Trump to argue he can’t be held responsible for hush money scheme because he acted on attorneys’ advice

The former president raises an advice-of-counsel defence but doesn’t want to give up attorney-client privilege

Alex Woodward
Tuesday 12 March 2024 22:32 GMT
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Donald Trump has notified the judge overseeing his imminent criminal trial in New York City that he intends to rely on a legal strategy that pins responsibility for allegedly criminal acts on the advice of his attorneys.

The former president is expected to argue, at least in part, that he can’t be held responsible for allegedly falsifying business records to conceal hush money payments to an adult film star because he was acting on the advice of his lawyers.

But the notice from his attorneys on Tuesday claims that Mr Trump won’t make a “formal” use of what is typically called an “advice-of-counsel” defence.

Mr Trump won’t assert a “formal” advice-of-counsel defence that would have forced him to give up his attorney-client privilege and require him to disclose confidential communications or other privileged materials.

Instead, his lawyers argue that the former president “lacked the requisite intent to commit the conduct charged in the Indictment because of his awareness that various lawyers were involved in the underlying conduct giving rise to the charges,” they wrote to New York Judge Juan Merchan.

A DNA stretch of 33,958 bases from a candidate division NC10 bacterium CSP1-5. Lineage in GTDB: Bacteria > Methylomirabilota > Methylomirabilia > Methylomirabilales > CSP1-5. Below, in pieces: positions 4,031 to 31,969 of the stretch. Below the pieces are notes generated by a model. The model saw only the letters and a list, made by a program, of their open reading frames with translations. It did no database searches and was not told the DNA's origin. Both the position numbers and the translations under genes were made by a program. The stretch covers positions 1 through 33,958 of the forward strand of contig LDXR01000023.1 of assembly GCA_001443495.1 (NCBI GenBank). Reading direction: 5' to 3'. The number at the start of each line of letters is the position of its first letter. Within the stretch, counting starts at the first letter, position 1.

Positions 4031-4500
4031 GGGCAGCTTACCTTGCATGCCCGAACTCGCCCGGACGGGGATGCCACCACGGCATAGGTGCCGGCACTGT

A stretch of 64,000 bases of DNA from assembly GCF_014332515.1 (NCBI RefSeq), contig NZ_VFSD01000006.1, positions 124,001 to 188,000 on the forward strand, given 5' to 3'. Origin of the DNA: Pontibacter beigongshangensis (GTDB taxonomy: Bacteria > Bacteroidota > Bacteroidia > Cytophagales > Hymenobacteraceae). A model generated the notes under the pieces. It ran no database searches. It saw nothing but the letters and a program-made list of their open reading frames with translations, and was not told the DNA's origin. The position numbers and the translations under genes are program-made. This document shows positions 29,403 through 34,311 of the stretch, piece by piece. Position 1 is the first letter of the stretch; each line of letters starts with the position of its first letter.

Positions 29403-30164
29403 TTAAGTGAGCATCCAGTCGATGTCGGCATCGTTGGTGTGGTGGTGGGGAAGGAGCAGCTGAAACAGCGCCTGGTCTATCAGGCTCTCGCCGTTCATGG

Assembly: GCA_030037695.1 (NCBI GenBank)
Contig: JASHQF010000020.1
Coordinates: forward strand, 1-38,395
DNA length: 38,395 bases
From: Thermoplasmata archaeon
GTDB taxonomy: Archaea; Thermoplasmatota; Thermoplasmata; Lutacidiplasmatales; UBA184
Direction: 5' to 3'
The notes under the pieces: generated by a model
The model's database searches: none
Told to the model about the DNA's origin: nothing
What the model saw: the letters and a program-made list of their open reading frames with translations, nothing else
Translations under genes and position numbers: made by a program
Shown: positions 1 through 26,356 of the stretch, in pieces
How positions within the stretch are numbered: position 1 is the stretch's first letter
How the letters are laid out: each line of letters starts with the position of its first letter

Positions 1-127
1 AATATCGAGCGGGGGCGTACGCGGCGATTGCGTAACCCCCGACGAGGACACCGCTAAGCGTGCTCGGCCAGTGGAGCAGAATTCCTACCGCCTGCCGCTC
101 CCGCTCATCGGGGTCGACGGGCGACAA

He intends to “elicit these facts” from witnesses at the trial, including his former attorney Michael Cohen, “whom we expect will testify about President Trump’s awareness of counsel’s involvement in the charged conduct,” according to Mr Trump’s attorneys Todd Blanche and Susan Necheles.

There is “no basis” for prosecutors to hear Mr Trump’s defence before trial, they wrote.

On Monday, Mr Trump’s attorneys asked Judge Merchan to take the trial off the calendar until the US Supreme Court decides whether the former president can claim “immunity” from prosecution in a separate case.

Jury selection for a criminal trial on charges connected to hush money payments to Stormy Daniels ahead of the 2016 presidential election is scheduled for 25 March.

The trial is the first criminal proceeding against the former president – and the first ever against any former president – among the four criminal cases he faces in four jurisdictions.

In a filing on Monday, his attorneys argued that statements that Mr Trump made on Twitter and to news networks about his former “fixer” Michael Cohen in 2018 “implicate the concept of official acts for purposes of presidential immunity,” but the filing does not address the alleged repayment scheme that is central to the case – which took place months before Mr Trump entered the White House.

His Twitter account was “an official communications channel during his Presidency, to communicate with the public regarding matters of public concern,” according to Mr Trump’s attorneys.

Cohen is accused of arranging payments to Ms Daniels days before the 2016 election in an effort to bury potentially damaging stories of Mr Trump’s alleged affairs. After his election victory, Mr Trump then allegedly reimbursed Cohen, who is expected to say in the upcoming trial that Mr Trump authorised his business to falsely file the payments as legal expenses.

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